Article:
I am so thankful for gorgeous waves, beautiful skies, bracing winds, singing sand and….…wet dogs in early winter. (Penny, the hardest-working critter on the farm.)
Welcome!Glad you came to visit! Got something to say? Email me at fastweedpuller at gmail dot com.
Wisdom from the sage
"We have lived our lives by the assumption that what was good for us would be good for the world. We have been wrong. We must change our lives so that it will be possible to live by the contrary assumption, that what is good for the world will be good for us. And that requires that we make the effort to know the world and learn what is good for it."
--from an essay in "The Long-Legged House"
"The word agriculture, after all, does not mean "agriscience," much less "agribusiness." It means "cultivation of land." And cultivation is at the root of the sense both of culture and of cult. The ideas of tillage and worship are thus joined in culture. And these words all come from an Indo-European root meaning both "to revolve" and "to dwell." To live, to survive on the earth, to care for the soil, and to worship, all are bound at the root to the idea of a cycle. It is only by understanding the cultural complexity and largeness of the concept of agriculture that we can see the threatening diminishments implied by the term "agribusiness."
"Odd as I am sure it will appear to some, I can think of no better form of personal involvement in the cure of the environment than that of gardening. A person who is growing a garden, if he is growing it organically, is improving a piece of the world. He is producing something to eat, which makes him somewhat independent of the grocery business, but he is also enlarging, for himself, the meaning of food and the pleasure of eating."
--both the above are from essays in "The Art of the Commonplace: Agrarian Essays"
Is this so hard to believe?
"An atheist is just somebody who feels about Yahweh the way any decent Christian feels about Thor, or Ba'al, or The Golden Calf. As has been said before, we are all atheists about most of the gods that humanity has ever believed in. Some of us just go one god further," Richard Dawkins, 2002.
The archives! Plenty of opining since 2006.
- books (34)
- chickens, etc. (119)
- dairy goats (26)
- death (51)
- Eat Local Challenge (60)
- fermentation (16)
- food (207)
- greenhouses (93)
- masonry oven (9)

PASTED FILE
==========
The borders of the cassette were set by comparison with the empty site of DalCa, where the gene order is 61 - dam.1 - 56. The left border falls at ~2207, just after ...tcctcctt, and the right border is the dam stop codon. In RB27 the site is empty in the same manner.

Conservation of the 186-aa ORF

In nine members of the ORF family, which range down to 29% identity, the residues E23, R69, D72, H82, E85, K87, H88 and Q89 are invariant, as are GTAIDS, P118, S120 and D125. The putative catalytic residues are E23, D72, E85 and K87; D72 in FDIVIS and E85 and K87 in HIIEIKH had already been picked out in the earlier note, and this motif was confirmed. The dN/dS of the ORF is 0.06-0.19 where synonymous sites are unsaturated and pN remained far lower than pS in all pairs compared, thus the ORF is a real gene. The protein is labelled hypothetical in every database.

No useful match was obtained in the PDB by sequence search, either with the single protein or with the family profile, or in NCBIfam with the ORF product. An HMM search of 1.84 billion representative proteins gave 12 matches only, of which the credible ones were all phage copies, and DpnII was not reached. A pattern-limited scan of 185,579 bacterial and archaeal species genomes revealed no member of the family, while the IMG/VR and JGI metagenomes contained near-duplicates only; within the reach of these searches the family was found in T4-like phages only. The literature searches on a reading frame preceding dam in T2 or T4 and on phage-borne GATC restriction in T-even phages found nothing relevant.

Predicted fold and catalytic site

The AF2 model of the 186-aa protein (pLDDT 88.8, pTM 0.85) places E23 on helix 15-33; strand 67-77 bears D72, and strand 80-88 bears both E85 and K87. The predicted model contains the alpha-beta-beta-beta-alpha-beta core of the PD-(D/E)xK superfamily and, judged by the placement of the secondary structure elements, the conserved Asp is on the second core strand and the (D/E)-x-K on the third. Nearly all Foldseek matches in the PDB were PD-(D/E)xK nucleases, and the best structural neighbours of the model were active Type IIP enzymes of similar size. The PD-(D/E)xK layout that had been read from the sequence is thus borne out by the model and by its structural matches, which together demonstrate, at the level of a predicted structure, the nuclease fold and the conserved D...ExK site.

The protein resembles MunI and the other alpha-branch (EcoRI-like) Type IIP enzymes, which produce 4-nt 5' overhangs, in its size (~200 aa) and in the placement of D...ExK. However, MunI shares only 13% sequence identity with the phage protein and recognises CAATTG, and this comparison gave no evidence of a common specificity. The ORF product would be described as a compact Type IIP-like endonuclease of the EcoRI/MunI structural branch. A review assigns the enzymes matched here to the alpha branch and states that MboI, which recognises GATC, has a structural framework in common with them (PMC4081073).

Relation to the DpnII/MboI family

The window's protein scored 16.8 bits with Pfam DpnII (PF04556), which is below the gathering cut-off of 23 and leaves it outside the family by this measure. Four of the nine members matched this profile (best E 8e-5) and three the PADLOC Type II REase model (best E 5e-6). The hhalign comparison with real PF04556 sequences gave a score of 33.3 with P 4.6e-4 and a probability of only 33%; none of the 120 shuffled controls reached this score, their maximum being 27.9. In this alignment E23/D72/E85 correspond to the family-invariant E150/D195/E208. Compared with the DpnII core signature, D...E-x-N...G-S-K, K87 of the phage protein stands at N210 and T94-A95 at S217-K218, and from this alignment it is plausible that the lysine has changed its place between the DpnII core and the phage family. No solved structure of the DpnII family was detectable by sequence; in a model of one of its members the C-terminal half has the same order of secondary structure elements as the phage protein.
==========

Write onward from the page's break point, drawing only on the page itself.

- nature (117)
- politics (16)
- school garden (12)
- seeds (194)
- seed trades (2)
- sheep (8)
- soapbox (64)
- sweat (218)
- sweet things (7)
- Uncategorized (40)
- weather (157)
A splendid photo of the beach and one I never would have recognized as being on a Great Lake. I’ve lived on or near Lake Erie and Lake Ontario and never seen so much sand on any of their beaches!
I love the expression on her face! She looks so pleased with herself; smug, almost. Thanks for sharing.
Ah… our beautiful lake! Absolutely balm for my winter-ravaged soul (& it’s only the beginning!).
That’s a good reminder. Sometimes things get so busy, that it’s easy to overlook the important things.
My schedule now includes time to spend with my not-so-hard-working dogs—hugging Gabriel and playing ball with Gus–I’ll tell them they owe you.
Marcie we have lots of sand, lots of dunes, being on the leeward side of the lake; the stuff blows over. Actually it is quite a beautiful place to be, that shore, at any time of year. You can walk up the beach 15 miles in either direction without hitting anything like a sea wall or a pier, it’s pretty sweet.
Tameson, Kate: thanks!
Beach Bum, that dog is never happier unless she has a job to do. Her job here is to fetch, so she’s so happy. Oh and she hates getting her picture taken (camera=evil).
Laurene, yep, the lake only gets prettier in the winter I think once the ice and snow come in and all you see is white.
Pamela, December is especially busy for many people now. Tempers flare and it’s important to just slow down and let things slide and give a little thanks, methinks.